Welcome to this series of analyzing our site’s points league rankings, compiled by myself and Kyle Bishop. We’re good people, you should get to know us. Today we're taking a look at our tiered outfield rankings for points leagues.
Points leagues abide by different rules, with walks and strikeouts usually being of notable importance compared to typical 5x5 leagues. It’s not as simple as that of course, but we’ll go off of ESPN’s default model. For hitters, it's one point per Total Base, Run Scored, Stolen Base, Walk and RBI, with a point deducted per strikeout. We’ve made it around the infield, so it's time to shag some flies in the outfield.
Editor's note: Be sure to also check out our 2017 fantasy baseball rankings dashboard. It's already loaded up with tons of great rankings articles and draft analysis. Aside from our tiered staff rankings for every position, we also go deep on MLB prospect rankings, impact rookies for 2017, and dynasty/keeper rankings as well. Bookmark the page, and win your drafts.
2017 Fantasy Baseball Points Rankings: Outfield (February)
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Outfield Points Rankings Analysis: The Tiers
Mike Trout, Mookie Betts and Kris Bryant are all superstars. Trout is going to be the first hitter off the board. Even if he wasn’t talking about running more, he’d be No. 1. If you can land him, enjoy. Betts’ true breakout season led to five-category domination with a healthy 6.7% walk rate and a meager 11% strikeout rate. As a result, I’ve got him above Bryant. Bryant’s 30.6% strikeout rate in his rookie season made for a points-league ding, but he lowered that to 22% in his sophomore season and should have more room to grow.
Bryce Harper should have a great chance at bouncing back and delivered Tier-One worthy stats, but we can’t let him back into our hearts so easily. This is still a good look, though, as he delivered a 20-20 season in a “down year” with a sturdy 17.2% BB rate and 18.7% K rate. Even if the steals scale back a bit, the 14.3% HR/FB rate should approach the 18-20% range.
J.D. Martinez’s strong power/average combo is an established commodity, but what’s gone a bit under the radar is how he’s increased his walk rate in each season since joining Detroit in 2014 (6.3%, 8.1%, 9.5%) while lowering his swinging-strike rate (15.2%, 14.9%, 14.1%). Don’t automatically bank on further growth, but these are encouraging trends for an already-strong hitter.
This tier houses a bunch of bats that are decent OF1s and incredible OF2 types, with Yoenis Cespedes making for a notable get. His power pace somehow grew from 2015’s lovely 35-homer campaign (which he did in 676 plate appearances versus 2016’s 31 homers in only 543 PAs) alongside a walk rate that shot up from 4.9% to 9.4%. He said he worked on strengthening his legs more to avoid lower-body injuries in 2017, so feel free to put a little checkmark next to his name on draft boards.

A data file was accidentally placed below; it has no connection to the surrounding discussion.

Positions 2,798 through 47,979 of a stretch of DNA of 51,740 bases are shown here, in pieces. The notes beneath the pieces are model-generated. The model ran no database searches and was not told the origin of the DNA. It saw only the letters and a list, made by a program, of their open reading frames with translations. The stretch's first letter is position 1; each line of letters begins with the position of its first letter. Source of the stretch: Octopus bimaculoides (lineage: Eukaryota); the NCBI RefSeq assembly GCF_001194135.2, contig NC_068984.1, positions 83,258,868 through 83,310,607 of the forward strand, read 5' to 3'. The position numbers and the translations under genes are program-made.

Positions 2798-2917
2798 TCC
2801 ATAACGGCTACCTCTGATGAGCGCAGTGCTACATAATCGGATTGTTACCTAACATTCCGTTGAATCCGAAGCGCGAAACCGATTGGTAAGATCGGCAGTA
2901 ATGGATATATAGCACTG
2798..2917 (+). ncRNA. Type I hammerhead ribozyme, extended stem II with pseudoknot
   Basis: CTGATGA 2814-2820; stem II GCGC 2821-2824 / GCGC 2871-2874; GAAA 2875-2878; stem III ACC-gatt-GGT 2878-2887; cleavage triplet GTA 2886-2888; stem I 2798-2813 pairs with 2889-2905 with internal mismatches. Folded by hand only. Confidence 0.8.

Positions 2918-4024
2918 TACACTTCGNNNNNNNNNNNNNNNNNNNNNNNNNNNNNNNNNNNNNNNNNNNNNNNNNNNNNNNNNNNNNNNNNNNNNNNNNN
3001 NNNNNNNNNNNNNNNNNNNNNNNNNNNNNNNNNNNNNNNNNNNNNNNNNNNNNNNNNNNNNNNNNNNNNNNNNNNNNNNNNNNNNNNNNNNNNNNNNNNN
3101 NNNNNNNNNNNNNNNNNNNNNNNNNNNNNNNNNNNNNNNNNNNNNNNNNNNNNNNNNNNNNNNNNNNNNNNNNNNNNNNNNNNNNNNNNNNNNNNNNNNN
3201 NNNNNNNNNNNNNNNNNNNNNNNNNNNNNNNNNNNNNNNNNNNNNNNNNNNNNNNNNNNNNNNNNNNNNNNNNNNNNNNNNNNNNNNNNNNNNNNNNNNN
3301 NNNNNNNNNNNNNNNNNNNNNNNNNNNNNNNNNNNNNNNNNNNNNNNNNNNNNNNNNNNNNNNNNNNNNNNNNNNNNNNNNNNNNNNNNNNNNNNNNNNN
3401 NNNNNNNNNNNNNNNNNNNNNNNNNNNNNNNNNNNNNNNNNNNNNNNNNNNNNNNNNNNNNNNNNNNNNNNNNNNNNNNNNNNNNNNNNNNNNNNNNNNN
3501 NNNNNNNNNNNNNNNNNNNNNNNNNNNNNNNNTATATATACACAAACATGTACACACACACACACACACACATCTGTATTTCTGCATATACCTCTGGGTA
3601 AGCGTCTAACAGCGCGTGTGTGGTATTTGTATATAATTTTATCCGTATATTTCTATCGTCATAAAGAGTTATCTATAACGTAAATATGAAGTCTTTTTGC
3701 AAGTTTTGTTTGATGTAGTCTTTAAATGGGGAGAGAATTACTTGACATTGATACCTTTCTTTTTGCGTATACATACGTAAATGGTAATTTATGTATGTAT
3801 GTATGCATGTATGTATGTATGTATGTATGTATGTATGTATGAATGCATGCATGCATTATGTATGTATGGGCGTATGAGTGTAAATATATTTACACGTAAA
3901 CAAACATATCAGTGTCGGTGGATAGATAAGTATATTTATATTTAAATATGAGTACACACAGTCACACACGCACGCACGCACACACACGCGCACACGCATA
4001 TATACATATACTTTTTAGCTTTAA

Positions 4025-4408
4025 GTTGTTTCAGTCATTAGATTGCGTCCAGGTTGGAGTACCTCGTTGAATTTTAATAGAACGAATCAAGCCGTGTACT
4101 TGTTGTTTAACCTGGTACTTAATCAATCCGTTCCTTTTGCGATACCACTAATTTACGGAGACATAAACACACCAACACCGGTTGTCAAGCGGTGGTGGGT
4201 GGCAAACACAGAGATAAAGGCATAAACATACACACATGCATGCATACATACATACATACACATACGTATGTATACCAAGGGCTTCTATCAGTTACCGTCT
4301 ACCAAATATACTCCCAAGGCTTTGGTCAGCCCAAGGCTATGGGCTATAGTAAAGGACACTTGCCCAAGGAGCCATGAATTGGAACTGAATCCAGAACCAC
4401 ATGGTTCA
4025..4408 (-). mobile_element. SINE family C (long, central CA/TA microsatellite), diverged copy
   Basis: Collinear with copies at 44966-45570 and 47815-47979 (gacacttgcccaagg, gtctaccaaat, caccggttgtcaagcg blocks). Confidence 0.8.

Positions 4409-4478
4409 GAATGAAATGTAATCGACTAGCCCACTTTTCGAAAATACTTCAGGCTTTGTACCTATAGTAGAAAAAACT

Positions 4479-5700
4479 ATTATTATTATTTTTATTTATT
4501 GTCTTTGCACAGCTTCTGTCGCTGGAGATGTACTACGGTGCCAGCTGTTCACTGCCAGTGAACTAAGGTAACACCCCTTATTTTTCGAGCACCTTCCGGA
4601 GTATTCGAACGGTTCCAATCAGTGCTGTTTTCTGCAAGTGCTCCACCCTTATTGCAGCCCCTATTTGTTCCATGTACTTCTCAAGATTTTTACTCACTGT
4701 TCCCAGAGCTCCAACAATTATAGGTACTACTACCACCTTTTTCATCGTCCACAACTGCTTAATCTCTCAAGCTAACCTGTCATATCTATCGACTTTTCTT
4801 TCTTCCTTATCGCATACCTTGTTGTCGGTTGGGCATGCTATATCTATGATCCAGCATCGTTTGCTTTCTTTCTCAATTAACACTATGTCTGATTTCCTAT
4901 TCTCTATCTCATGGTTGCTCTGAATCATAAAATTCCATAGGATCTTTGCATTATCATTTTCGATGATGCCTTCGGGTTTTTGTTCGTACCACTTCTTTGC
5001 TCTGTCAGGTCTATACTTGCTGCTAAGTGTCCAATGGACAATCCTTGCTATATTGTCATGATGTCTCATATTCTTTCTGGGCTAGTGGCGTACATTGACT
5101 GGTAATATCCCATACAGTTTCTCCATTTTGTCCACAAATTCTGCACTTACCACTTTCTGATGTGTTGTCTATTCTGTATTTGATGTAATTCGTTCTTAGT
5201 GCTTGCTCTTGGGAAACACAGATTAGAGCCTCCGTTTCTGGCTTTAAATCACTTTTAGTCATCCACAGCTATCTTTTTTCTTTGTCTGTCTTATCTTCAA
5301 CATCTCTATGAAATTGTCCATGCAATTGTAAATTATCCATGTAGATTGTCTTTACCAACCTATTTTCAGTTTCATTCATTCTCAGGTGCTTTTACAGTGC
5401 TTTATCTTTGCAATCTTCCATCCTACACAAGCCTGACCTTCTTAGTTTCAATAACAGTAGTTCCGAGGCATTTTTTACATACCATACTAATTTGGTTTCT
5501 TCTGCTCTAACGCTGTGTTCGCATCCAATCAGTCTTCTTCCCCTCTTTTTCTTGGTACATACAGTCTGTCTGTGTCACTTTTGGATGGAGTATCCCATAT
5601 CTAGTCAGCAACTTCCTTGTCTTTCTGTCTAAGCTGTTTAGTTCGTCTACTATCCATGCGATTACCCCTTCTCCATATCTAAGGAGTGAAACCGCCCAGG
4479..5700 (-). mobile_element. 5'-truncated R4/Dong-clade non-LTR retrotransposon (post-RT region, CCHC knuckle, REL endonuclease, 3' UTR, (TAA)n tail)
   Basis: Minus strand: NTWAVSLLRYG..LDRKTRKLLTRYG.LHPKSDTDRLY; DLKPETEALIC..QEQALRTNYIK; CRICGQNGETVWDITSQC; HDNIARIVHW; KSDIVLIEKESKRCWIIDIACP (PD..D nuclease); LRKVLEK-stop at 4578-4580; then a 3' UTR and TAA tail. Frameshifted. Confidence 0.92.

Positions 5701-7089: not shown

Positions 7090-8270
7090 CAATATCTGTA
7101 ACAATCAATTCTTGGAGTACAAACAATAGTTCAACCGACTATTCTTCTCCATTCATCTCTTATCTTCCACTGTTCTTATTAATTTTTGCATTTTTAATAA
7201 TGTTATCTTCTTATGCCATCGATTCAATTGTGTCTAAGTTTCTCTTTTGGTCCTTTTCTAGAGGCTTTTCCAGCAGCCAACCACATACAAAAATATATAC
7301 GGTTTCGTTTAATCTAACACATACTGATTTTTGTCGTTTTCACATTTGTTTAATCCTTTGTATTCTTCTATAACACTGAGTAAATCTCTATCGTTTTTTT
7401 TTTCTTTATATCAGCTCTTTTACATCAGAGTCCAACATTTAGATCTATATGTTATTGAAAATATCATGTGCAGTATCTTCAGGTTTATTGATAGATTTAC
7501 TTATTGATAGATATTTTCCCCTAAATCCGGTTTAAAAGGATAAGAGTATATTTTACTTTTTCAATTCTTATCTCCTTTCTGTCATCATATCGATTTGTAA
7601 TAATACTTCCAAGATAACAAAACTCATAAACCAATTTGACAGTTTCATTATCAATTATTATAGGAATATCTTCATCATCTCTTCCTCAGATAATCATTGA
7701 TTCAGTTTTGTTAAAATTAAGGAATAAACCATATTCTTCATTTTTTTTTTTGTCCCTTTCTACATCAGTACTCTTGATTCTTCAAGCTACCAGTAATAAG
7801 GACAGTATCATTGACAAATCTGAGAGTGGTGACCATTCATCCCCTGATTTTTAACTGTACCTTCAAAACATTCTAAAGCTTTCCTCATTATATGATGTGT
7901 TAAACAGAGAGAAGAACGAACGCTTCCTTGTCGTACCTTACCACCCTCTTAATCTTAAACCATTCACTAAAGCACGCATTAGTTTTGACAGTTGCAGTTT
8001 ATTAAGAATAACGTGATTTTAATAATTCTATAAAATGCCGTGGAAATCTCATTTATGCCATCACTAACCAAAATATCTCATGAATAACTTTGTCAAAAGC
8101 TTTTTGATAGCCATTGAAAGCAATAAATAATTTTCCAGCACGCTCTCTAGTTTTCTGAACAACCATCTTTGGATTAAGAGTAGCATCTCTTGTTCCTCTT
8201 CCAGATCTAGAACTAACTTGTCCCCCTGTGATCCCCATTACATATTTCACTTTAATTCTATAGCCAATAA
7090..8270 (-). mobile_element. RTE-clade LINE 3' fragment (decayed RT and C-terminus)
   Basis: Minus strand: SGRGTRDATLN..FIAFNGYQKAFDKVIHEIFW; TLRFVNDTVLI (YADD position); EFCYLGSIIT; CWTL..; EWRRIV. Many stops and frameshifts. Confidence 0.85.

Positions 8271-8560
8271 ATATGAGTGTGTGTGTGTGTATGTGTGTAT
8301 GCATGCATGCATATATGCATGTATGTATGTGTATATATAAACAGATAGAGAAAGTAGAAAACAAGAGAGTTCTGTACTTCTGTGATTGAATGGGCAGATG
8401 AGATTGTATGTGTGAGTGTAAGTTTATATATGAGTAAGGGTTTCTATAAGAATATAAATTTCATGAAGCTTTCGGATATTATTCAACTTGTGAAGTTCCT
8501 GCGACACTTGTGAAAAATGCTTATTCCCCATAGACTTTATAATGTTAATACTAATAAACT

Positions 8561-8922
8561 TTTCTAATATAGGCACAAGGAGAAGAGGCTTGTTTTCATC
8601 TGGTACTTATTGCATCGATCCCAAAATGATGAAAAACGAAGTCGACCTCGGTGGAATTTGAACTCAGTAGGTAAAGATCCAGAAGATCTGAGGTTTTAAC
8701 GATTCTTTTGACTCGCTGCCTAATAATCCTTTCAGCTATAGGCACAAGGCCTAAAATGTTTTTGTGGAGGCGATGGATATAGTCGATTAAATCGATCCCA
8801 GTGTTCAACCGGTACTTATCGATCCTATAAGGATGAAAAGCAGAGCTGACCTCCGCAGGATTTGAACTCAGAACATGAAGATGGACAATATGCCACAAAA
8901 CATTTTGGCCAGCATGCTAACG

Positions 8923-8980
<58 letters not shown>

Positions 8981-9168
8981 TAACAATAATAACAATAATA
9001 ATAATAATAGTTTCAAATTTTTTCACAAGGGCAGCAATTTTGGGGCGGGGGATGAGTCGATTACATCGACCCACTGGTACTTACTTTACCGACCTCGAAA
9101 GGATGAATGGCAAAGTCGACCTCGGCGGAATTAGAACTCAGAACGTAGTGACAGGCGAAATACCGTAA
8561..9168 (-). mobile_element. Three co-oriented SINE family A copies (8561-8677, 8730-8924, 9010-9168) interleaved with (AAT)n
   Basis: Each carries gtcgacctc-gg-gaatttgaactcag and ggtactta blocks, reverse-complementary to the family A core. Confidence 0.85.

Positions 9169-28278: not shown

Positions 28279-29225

George Springer is a name that elicits a wide range of reactions, from the intrigue of those still waiting for the true breakout to the scoffs from owners who were let down last season. The power/speed combo had looked so promising heading into 2016, he had even improved his average from .231 to .276! It slipped back to .261 last season and he notably went a putrid 9-for-19 on the basepaths. He still hit 29 homers and scored 116 runs from the top of the order, but it’s concerning to have seen the speed threat neutralized. He still walks at a clip over 11% so it’s not about getting on base, it’s just a matter of whether he can be productive or not. If he approaches 700-750 PAs again though, he should return a profit no matter what.
We’ve got Ian Desmond in Coors Field, Justin Upton coming off of yet another streaky season, Kyle Schwarber returning to full game action as a leadoff hitter, and two Pittsburgh outfielders trending in opposite directions. Gregory Polanco is a rising 25-year-old who was on a tear (.299/.377/.515 slash in first three months of ’16) before injuries bogged down his second half, while Andrew McCutchen saw his runs, RBIs, steals and average all dip (notably his average, from .292 to .256) last season. At least Cutch’s AVG went from the .240s to the .280s over the final two months, but he still makes for someone else’s gamble to take in my eyes. Give me El Coffee at full strength easily, no decaf here.
Here we find vaunted sluggers such as Khris Davis and Jose Bautista, but we’ll take a looksee at the unheralded Matt Kemp here. Atlanta’s big bat (no, not Freddie Freeman) blasted 35 homers with 108 RBIs last season and apparently entered Spring Training having put on some more muscle over the offseason. While his walk rate won’t inspire anyone (5.4% last season), the power in an improving Bravos’ lineup is worth buying into. Odubel Herrera is also worth buying with his 15/25 bat and improving plate discipline metrics. Philadelphia is another offense that is starting to grow into its next generation.
The Rest of the Field
Outfield is deep this season. Kole Calhoun is rarely anyone’s first thought, but he should be in for a stronger 2017 after a poor 9.4% HR/FB rate in 2016. He had averaged a mark of around 14.3% prior to that, so his age-29 season could yield 25 homers with a walk rate around 10%. Matt Holliday just blasted an opposite-field Spring Training homer as I was writing this piece, which should excite anyone with a pulse (sorry, fantasy zombies) considering he now gets to take advantage of Yankee Stadium’s short porch. Corey Dickerson has launched 24 rockets in each of his last two healthy seasons, but his .245 average was excessive even for a post-Coors Field comedown. He lost 25 pounds over the offseason and says his swing feels more comfortable, so count me in as someone buying into a bounceback.